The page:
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Gautrain management, DA lock horns over derailment

Gauteng
Johannesburg – The Gautrain Management Agency (GMA) on Friday denied that it was hiding the cause of derailment of South Africa's passenger speed-train which caused serious delays in Pretoria.

This comes after the rail link between Hatfield and Pretoria stations was closed around 8h30 on Thursday morning allegedly due to a derailment of the Gautrain.

Hundreds of passengers were forced to use alternative transport after they were evacuated from the Gautrain following the suspension of operations as a "minor derailment" occurred when the train approached Hatfield station.

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File picture: Cara Viereckl

Democratic Alliance (DA) Gauteng spokesperson on roads and transport, Neil Campbell, accused the GMA of keeping the investigation away from the public.

"A derailment of a Gautrain cannot be shrouded in the secrecy which the Gautrain Management Agency seems to employ when problems arise on the network," Campbell said.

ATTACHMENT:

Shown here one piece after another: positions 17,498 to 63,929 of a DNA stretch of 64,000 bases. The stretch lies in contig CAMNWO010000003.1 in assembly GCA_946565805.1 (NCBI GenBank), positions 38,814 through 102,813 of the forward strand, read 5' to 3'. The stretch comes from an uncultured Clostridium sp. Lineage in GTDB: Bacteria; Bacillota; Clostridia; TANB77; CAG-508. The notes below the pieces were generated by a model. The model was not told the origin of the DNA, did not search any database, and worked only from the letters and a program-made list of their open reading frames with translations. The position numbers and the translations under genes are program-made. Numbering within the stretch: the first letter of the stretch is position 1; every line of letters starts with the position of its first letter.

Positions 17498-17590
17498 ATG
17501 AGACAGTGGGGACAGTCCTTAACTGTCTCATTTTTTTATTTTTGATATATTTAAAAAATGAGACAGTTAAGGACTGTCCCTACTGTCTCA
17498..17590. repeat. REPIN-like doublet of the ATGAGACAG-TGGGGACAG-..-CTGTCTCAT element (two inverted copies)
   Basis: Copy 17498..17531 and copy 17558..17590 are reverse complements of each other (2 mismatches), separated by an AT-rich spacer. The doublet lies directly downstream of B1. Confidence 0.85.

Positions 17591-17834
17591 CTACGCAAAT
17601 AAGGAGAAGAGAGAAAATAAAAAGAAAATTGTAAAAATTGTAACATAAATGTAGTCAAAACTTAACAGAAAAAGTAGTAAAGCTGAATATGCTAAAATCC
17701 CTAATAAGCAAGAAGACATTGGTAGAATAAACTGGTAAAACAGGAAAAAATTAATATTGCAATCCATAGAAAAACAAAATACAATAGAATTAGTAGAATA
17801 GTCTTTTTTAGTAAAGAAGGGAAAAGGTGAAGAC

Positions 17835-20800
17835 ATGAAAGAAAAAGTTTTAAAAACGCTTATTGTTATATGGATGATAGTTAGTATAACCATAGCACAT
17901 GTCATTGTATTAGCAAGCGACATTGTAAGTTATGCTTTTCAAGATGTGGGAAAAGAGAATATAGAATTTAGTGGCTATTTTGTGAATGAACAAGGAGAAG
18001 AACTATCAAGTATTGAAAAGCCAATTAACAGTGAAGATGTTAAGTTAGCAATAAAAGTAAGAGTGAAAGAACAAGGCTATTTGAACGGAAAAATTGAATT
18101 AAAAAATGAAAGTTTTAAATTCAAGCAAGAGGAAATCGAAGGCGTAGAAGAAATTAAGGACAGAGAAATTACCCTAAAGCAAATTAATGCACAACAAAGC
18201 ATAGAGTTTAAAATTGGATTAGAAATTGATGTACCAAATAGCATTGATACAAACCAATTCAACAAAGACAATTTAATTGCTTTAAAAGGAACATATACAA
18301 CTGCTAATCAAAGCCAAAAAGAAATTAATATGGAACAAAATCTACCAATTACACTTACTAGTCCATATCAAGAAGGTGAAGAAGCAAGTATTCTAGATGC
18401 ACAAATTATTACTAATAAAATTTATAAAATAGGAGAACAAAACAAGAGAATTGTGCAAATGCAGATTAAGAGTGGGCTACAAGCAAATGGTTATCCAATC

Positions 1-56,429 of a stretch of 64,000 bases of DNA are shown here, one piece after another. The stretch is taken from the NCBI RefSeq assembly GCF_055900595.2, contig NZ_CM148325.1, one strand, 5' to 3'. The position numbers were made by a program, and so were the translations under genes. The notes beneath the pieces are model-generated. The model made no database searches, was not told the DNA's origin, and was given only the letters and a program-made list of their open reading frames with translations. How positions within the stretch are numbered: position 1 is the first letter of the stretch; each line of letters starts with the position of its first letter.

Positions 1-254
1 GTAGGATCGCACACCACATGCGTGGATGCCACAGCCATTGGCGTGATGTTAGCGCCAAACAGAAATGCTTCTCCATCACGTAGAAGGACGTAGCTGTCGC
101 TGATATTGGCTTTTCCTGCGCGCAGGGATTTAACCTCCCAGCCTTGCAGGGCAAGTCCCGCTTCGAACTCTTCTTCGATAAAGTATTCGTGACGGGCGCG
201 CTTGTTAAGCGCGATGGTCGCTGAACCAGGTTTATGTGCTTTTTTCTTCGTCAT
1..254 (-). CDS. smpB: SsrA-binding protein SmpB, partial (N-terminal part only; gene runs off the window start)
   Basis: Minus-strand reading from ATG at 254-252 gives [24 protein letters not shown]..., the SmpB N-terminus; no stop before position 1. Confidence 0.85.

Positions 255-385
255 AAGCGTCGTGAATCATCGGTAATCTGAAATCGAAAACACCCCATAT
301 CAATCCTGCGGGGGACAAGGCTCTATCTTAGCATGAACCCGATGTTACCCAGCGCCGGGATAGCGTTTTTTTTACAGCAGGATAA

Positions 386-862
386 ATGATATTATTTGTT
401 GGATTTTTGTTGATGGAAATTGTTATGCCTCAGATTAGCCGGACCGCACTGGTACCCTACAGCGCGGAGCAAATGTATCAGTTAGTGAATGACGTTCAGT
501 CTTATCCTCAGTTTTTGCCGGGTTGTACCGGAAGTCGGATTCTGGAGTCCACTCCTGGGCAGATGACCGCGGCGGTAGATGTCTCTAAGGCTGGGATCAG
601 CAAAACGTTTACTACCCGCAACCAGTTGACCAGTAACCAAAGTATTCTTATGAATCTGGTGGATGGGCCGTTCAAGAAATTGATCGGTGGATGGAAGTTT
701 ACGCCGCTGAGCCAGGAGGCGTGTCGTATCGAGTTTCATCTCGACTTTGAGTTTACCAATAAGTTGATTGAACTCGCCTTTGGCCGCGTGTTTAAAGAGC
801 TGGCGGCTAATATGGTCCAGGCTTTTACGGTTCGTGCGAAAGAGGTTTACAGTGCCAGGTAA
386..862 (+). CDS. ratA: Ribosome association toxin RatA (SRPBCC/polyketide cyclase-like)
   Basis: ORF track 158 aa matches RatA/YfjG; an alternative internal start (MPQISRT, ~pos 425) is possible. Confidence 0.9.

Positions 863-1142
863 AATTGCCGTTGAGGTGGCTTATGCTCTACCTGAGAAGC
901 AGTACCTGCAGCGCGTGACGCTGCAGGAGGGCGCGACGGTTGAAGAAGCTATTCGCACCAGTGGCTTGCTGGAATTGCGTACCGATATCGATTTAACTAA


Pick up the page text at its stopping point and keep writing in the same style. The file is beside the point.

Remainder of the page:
"If the closure was due to a derailment, an internal investigation will not be sufficient to reassure the public that the train is safe to ride."

Campbell said this would be an ideal opportunity for the Rail Safety Regulator to investigate the matter, but it was unlikely that they would have the capacity to do so given the financial constraints on the regulator.

In response, GMA senior executive manager of communication and marketing, Barbara Jensen, said the Rail Safety Regulator was in any such incident, in any case, involved in the investigation.

"The Gautrain Management Agency is waiting for the findings to come in and then will release information to the public. Nothing is shrouded in mystery," Jensen said.

But the DA seemed unsatisfied.

Campbell said that the MEC for Roads and Transport, Ismail Vadi, must establish independent inquiry into Gautrain derailment.

"The DA is of the opinion that independent experts must be appointed and report back to Gauteng Roads and Transport MEC, Ismail Vadi and the Provincial Portfolio Committee who must be convinced of the train's safety," Campbell said.

"The public has a right to know why the train derailed as a matter of urgency."

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